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Discussion Starter · #1 · (Edited)
Ok, I know this section is for dune riding, but there wasn't another section for 300ft threads. Not to mention, the best advice is more than likely coming from a duner.

So I ordered some Maxxis 4snows in 8" to do some drag racing (300ft) on hard packed clay. The 8" wheels I purchased were for a Blaster hub, so I am exchanging the 8" tire for some 9"s. Bad news is, they won't be here before I go the track this Sunday. I've tried just about every MX tire and pattern out there and most hook nice when the track is sprayed down & prep'd. However, on a dry day, the surface is like a dusty gravel, and during launches, my rears are just spinning, almost in place. Losing a lot of time, especially when this carries on for say the first 20-40 yards.

I ran across a rear set of brand new Sand Sharks locally, mounted for $80. The guy lives about 15 miles up the road. He said they were for a Raptor, but never used them. They have 8 paddles, but they are 20 x 11-10.

I wanted the 8" originally because I was under the impression, less rotation, quicker acceleration, so how much would a 10" wheel rob me?

I know they aren't the go to paddles for the dunes, but I'm just running 300ft on hard packed clay, no hill or incline. How do you believe these would fair on a big 3 YFZ, mods in signature? Or just totally avoid the 10", and take my chances with a MX pattern on a 9"?

Any opinions or suggestions would be appreciated!
 

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Im not sure the rim has anything to do with acceleration. That only effects overall ride I thought. Im with you on poor hook up in loose gravel. Go past the big three and it gets worse. Haha! I would run the 20*11*10, worse that can happen is you tear them up in the terrain. I run my 8 paddle skat trak haulers in a loose gravel strip I run with no issues in the size you could get.

Granted I still think I was under paddled because it spun until I am about to leave 3rd launching from 2nd. I got 10 paddles for next season.
 

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Discussion Starter · #3 ·
Im not sure the rim has anything to do with acceleration. That only effects overall ride I thought. Im with you on poor hook up in loose gravel. Go past the big three and it gets worse. Haha! I would run the 20*11*10, worse that can happen is you tear them up in the terrain. I run my 8 paddle skat trak haulers in a loose gravel strip I run with no issues in the size you could get.

Granted I still think I was under paddled because it spun until I am about to leave 3rd launching from 2nd. I got 10 paddles for next season.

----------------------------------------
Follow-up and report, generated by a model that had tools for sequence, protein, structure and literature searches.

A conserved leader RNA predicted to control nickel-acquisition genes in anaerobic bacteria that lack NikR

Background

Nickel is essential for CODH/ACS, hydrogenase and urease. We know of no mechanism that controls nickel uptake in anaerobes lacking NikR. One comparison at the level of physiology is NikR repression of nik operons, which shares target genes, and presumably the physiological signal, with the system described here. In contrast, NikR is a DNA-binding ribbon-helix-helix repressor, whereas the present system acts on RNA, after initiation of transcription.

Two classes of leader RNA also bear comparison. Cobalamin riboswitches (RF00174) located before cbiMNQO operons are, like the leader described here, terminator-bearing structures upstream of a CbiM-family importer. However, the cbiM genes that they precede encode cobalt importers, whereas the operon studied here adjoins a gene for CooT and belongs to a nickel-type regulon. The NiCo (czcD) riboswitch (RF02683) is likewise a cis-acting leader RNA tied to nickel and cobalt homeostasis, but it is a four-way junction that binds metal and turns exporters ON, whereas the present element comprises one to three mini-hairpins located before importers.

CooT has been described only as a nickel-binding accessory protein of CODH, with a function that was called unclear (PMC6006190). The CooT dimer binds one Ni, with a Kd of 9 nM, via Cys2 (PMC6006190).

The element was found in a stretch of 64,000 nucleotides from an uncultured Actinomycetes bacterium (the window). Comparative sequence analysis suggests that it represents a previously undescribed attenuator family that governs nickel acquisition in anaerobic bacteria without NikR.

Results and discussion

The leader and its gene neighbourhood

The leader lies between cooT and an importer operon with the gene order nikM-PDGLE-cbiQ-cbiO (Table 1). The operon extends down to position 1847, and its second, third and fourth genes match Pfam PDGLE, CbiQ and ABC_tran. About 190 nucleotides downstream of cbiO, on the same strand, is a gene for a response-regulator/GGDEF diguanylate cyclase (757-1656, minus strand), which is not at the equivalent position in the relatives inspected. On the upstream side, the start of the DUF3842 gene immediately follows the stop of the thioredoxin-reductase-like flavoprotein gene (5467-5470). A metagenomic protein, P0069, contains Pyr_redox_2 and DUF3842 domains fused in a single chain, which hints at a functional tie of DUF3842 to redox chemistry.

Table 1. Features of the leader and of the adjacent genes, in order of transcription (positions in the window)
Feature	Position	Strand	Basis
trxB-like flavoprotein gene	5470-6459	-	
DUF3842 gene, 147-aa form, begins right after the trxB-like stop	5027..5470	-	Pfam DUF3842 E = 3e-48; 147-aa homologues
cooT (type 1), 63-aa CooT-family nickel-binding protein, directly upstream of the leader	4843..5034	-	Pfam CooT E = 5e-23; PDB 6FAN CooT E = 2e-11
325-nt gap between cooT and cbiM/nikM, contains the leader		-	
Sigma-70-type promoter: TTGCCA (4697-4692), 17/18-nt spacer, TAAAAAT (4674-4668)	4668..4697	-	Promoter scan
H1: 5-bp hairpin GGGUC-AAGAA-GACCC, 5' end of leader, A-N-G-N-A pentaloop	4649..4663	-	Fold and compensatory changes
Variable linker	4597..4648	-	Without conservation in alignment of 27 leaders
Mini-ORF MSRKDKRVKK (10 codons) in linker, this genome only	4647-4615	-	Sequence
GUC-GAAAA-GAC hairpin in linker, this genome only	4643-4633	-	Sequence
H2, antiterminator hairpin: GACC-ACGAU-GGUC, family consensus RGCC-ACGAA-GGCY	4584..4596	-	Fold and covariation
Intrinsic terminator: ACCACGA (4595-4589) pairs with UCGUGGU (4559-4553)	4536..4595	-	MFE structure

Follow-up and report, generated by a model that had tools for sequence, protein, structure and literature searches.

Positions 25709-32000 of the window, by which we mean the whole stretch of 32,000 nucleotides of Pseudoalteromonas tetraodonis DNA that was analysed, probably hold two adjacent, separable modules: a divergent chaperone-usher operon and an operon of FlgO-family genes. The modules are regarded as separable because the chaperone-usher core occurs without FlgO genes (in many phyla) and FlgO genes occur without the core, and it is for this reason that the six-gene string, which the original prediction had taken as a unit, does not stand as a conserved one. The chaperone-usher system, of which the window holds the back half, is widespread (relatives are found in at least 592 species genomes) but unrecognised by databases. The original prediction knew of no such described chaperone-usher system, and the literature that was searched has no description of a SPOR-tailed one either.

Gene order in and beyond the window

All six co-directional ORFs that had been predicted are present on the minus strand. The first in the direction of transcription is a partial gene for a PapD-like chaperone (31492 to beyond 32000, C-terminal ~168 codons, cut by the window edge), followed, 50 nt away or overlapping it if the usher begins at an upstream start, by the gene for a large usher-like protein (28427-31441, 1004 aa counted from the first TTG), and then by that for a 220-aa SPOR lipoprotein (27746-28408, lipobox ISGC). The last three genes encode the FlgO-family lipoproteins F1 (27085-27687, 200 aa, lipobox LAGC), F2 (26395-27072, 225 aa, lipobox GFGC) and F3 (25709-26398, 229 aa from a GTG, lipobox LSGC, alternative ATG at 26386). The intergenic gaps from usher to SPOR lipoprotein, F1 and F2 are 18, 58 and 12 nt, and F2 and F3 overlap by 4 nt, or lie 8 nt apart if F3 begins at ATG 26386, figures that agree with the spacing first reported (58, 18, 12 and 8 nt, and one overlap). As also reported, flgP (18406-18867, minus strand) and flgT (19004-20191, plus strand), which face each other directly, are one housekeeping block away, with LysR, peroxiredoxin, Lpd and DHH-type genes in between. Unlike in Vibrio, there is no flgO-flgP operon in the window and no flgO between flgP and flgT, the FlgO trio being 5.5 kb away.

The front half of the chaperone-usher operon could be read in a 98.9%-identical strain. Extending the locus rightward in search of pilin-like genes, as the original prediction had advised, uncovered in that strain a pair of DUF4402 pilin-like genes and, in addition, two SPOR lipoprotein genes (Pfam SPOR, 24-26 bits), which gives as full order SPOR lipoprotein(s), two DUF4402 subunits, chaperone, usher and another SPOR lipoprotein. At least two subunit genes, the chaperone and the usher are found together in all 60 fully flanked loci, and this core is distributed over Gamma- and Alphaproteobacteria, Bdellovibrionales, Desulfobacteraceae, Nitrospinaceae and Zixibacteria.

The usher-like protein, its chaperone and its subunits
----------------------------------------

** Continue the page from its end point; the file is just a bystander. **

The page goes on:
Ok, kool! I was thinking my poor little big 3 quad would have trouble rotating the larger diameter wheels, and heavier tires, but never hurts to try! I wonder why the MX guys run the 8" over 9" or 10"? Thanks for the input Shaftman!
 

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Discussion Starter · #4 ·
Im not sure the rim has anything to do with acceleration. That only effects overall ride I thought.
I'm almost certain that the 8" should accel a teeny weeny bit faster vs the 9". My theory is based off of rotational mass being an inhibitor to acceleration. So same profile and size tire on the 8", should accelerate faster. Probably grip a little better, and provide more side wall flex for cornering.

Sound about right? Or, is my theory more of a conspiracy lol?
 

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I'm almost certain that the 8" should accel a teeny weeny bit faster vs the 9". My theory is based off of rotational mass being an inhibitor to acceleration. So same profile and size tire on the 8", should accelerate faster. Probably grip a little better, and provide more side wall flex for cornering.

Sound about right? Or, is my theory more of a conspiracy lol?
But your still rotating the tires regardless of rim size. Its not like the rims are gears for the tires. So 8" center, 2" center, or 12" center still has a 20" tire attached for the final point.

Smaller rim means more sidewall and better flex and ride over bumpy terrain is all I think they gain.

Weight may play a factor for rotational mass... but thats another topic
 

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Ok, kool! I was thinking my poor little big 3 quad would have trouble rotating the larger diameter wheels, and heavier tires, but never hurts to try! I wonder why the MX guys run the 8" over 9" or 10"? Thanks for the input Shaftman!
Because for mx you normally run 18" tires. With a 9 or 10 inch rim you would have very little sidewall which would be a rough ride and you would get pinch flats.
 

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Discussion Starter · #7 ·
But your still rotating the tires regardless of rim size. Its not like the rims are gears for the tires. So 8" center, 2" center, or 12" center still has a 20" tire attached for the final point.

Smaller rim means more sidewall and better flex and ride over bumpy terrain is all I think they gain.

Weight may play a factor for rotational mass... but thats another topic
Because for mx you normally run 18" tires. With a 9 or 10 inch rim you would have very little sidewall which would be a rough ride and you would get pinch flats.
Thanks guys for the insight. Sometimes, I am victim to over thinking the situation, while ignoring the obvious.
 
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